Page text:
This blog is anonymous. Anonymity is always a red flag for me. If you don't have the guts to attach your name to your words, then why should I bother reading them? I get it. Unfortunately, taking into account the current climate in the American evangelical church and the nature of my current position, it's best for my identity to remain, if you will, "behind the mask." At least for right now. But you could actually say the need for anonymity is one of the driving forces behind this blog, and it will be a running theme. The Church is filled with broken people, all broken in different ways. Many of these people, more than you might imagine, find [part of] their brokenness in a sexual attraction to their same gender. Fear and shame too often keep these brothers and sisters from sharing this part of their story with the very people commanded by God to bear each other's burdens: the Church, the Body of Christ.
This is my story. For as long as I can remember, I have been attracted to other guys, and I don't know why. I've prayed for it to change. I've dated a number of girls, trying to take change into my own hands, but all to no avail.
On the outside, you wouldn't have the slightest idea. I'm not the guy that people wonder about. I'm not the one who gets bullied for acting "gay." In fact, as I'm terribly ashamed to admit, I have often been that bully myself. I have grown up in the Church, and I've always been open about my faith. Many years ago, I felt God's call into full-time vocational ministry, and I'm currently pursuing that call. I live in the southern United States, and I belong to a more traditionally conservative wing of the Church. My context has made honesty about my story tricky at best, unthinkable at worst.
I have created a mask, a very realistic and lifelike mask. I wear it everyday, and I've learned how to play my part to near perfection. But life behind this mask is exhausting. And it's lonely.
And I'm not alone. Many Christians also wear this mask. Many of us believe what the Bible teaches about homosexuality. We do believe that acting on these attractions goes against God's plan for us, and thus, is sinful. But that doesn't mean it isn't a constant struggle to put behind us as wrong what seems, on the surface, to be good and right. We don't believe we're special cases, deserving of any special treatment or pity, but we do look for the day when we are able to be open and honest about our stories and struggles--the day when we can finally take off the mask and live the lives God has called us to in the fellowship and community of the Body of Christ.
And so...this blog. I want to add my voice to the conversation. Not as an expert or an academic, but as a friend and brother in Christ. This blog will tell part of my story, the ongoing story of God's redemptive work in my heart and life. However, it will also be a place to express my hopes and prayers for Christ's Church as she wrestles with how to preach the truth of the gospel--especially how to live out that truth. The Church must be a community of love and grace for broken people, those who are same-sex attracted and those who are not.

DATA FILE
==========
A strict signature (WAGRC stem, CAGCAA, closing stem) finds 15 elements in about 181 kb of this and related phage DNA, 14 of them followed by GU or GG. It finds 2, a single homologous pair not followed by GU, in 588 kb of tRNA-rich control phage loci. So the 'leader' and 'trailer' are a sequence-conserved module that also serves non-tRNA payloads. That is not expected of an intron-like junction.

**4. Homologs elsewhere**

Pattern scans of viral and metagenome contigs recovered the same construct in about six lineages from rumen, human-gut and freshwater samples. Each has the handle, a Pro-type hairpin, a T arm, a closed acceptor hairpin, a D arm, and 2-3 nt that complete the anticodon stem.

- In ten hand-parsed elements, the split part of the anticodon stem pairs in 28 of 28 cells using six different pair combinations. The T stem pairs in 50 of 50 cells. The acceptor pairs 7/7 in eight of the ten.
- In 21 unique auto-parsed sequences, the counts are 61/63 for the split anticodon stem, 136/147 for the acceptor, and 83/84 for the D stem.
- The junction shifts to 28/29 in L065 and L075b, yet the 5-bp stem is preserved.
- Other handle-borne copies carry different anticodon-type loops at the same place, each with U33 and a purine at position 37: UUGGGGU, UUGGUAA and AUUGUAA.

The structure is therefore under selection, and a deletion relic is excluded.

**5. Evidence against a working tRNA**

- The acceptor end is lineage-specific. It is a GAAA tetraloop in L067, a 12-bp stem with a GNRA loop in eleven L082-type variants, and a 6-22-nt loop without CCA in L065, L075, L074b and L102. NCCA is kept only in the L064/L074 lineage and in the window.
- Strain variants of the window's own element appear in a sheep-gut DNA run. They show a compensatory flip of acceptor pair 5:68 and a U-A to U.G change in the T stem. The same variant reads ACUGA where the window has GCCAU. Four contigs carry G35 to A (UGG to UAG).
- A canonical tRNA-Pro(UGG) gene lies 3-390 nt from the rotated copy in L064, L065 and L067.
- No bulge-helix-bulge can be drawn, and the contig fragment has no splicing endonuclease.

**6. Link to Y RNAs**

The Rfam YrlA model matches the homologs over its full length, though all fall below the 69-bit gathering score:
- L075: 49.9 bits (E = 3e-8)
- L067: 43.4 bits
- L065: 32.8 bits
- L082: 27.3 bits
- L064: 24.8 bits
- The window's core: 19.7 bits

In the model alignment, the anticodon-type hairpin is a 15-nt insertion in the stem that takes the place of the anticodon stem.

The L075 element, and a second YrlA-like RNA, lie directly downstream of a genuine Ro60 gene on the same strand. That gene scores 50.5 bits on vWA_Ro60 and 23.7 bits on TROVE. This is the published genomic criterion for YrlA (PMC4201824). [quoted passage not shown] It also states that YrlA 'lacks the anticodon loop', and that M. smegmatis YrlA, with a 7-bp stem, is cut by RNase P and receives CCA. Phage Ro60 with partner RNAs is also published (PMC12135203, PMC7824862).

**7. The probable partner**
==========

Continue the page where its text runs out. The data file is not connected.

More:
I'm fully aware that internet anonymity brings with it a vast array of dangers and temptations. I may be tempted to embellish my experience, to be over-dramatic, or to be ungracious and hurtful towards those who disagree with me. For this reason, there is a growing group of people, both peers and mentors that I trust and respect, who know my identity as the author of this blog. These brothers know me, and they know my story. I will trust them to hold me accountable if this blog ever veers outside the boundaries of Philippians 4:8:
"Finally, brothers, whatever is true, whatever is honorable, whatever is just, whatever is pure, whatever is lovely, whatever is commendable, if there is any excellence, if there is anything worthy of praise, think about these things."
In conclusion, it's my prayer that you do find this blog to be edifying and encouraging. If you have a similar story, I pray you find encouragement and the knowledge you are not alone. If your story looks different, I pray you also find encouragement, as well as a window into the world of your SSA brothers and sisters. Ultimately, I pray that all readers will see more of Christ, and less of me. I am happy to hear your feedback, as well as to answer any questions you may have, but I will always encourage you to find someone who is a part of your life, someone you know and who knows you, to have these important conversations with at greater length.
Grace to you all, and the peace of Christ...
Your Brother Behind the Mask